GEOG 215Climatology Expectations Strongly recommended: GEOG 214 -Meteorology

GEOG 215Climatology Expectations Strongly recommended: GEOG 214 -Meteorology

GEOG 215Climatology Expectations Strongly recommended: GEOG 214 -Meteorology OR GEOG 112 - Earth Systems Science a science course within geography discipline A lot of terminology Application of terminology Attendance in class is essential Note taking while listening is critical toward obtaining information needed to perform well in the class

Course structure 3 exams and a number of class assignments - exams 1 and 2 are worth 125 points - Final exam is worth 200 points semi-comprehensive 60% new content 40% old content exams are curved up to 10% of total pts based on the highest score achieved -class assignments are worth 50 points total Total points for course = 500 points Exam curve

Example 1The highest score is 119 out of 125 points. The curve would be 6 points. Thus everyone has 6 points added to their score, making the top score 100% or 125 pts Example 2The highest score is 99 out of 125 points. The curve would be 12.5 points or 10% of 125 possible. Thus everyone gets 12.5 points added to their score, making the top score 89% or 111.5 points Exam dates are fixed and will not be changed. They are: Exam 1- Thursday, February 11, 2010 9-10:15

AM Exam 2- Thursday, March 25, 2010 9-10:15 AM Final Exam- Thursday, May 6, 2010 9-11 AM Legitimate reason to miss an exam (academics, athletics, illness) - you must inform me at least one week before the scheduled exam to make arrangements for the make up exam. Illness- call me or email within 24 hours. Make ups are given at times of my choosing. The final exam will not be rescheduled to accommodate travel plans for students wishing to Chapter 1 Climatology? What is it and why is it important?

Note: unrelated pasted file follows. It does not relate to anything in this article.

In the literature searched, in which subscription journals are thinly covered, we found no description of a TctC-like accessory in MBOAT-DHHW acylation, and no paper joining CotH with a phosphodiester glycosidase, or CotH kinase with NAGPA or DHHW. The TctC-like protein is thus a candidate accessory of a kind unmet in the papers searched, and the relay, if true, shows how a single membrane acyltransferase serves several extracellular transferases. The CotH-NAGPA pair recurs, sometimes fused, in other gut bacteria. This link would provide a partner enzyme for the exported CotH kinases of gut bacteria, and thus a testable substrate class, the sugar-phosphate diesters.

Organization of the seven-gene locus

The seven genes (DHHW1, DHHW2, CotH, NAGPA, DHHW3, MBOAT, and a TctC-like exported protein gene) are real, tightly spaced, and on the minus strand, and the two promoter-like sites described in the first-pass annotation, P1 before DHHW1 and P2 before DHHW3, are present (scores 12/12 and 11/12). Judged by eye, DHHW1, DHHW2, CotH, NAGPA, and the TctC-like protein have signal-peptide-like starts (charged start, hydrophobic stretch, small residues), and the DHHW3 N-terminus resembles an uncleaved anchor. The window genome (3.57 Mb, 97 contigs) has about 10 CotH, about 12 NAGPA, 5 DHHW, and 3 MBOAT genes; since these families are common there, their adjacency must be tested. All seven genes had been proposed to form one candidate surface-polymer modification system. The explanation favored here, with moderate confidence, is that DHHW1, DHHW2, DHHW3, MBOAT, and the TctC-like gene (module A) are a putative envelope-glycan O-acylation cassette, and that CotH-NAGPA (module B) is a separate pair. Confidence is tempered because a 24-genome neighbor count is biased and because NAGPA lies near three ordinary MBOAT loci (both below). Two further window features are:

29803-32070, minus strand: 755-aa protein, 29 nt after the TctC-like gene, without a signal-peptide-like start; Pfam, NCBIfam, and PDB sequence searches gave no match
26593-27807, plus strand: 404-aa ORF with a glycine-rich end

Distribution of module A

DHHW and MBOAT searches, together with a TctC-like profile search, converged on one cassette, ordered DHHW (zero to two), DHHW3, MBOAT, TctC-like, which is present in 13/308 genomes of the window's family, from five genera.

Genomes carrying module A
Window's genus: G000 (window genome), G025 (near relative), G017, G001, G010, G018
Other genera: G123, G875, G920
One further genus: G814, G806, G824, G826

Atmosphere-One of the critical components on our planet. It functions as Thermal regulator- movement of energy from areas with excess (Equatorial) to areas with limited (Polar). Protective shield- prevents, limits or alters harmful materials from reaching the Earth. Essential for Respiration- Most Living organisms (plant and animal) require interaction with gases in the atmosphere Important fields of Study within the atmospheric sciences Aerology- study of the structure and chemical and physical interactions of the various components in

the atmosphere.- typically incorporated into other two fields Meteorology- deals with air mass motion, air mass characteristics such as temperature, moisture and pressure, and weather phenomena such as storms, on a short (seconds, minutes, hours, days, weeks) time scale. Climatology- the same as with meteorology only over a longer (Months, years, decades, millennia) time scale. Both average and extreme conditions

these are very important Atmospheric variables Air Temperature: units -> C, F, K

Clouds: type, height (elevation) amount Barometric pressure: bar, millibar, mm or in Dew Point Temperature: F or C Precipitation: kind (rain, snow sleet, etc., and amount inches or cm Wind velocity and direction: MPH, Knots, KmPH and N, S, E, W, NW, NE, SE, SW Degree of sunshine: qualitative estimate These constitute the Current or Prevailing Weather conditions QuickTime and a TIFF (Uncompressed) decompressor are needed to see this picture.

Parts per million Percentage of total Nitrogen (N2) 780,840 78.1% Oxygen (O, O2) 209,460

20.9% 9,340 0.9% 350 0.035% Neon (Ne) 18

0.0018% Helium (He) 5.2 0.00052% Methane (CH4) 1.4 0.00014% 1

0.0001% Nitrous Oxide (NOx) 0.5 0.00005% Hydrogen (H2) 0.5 0.00005%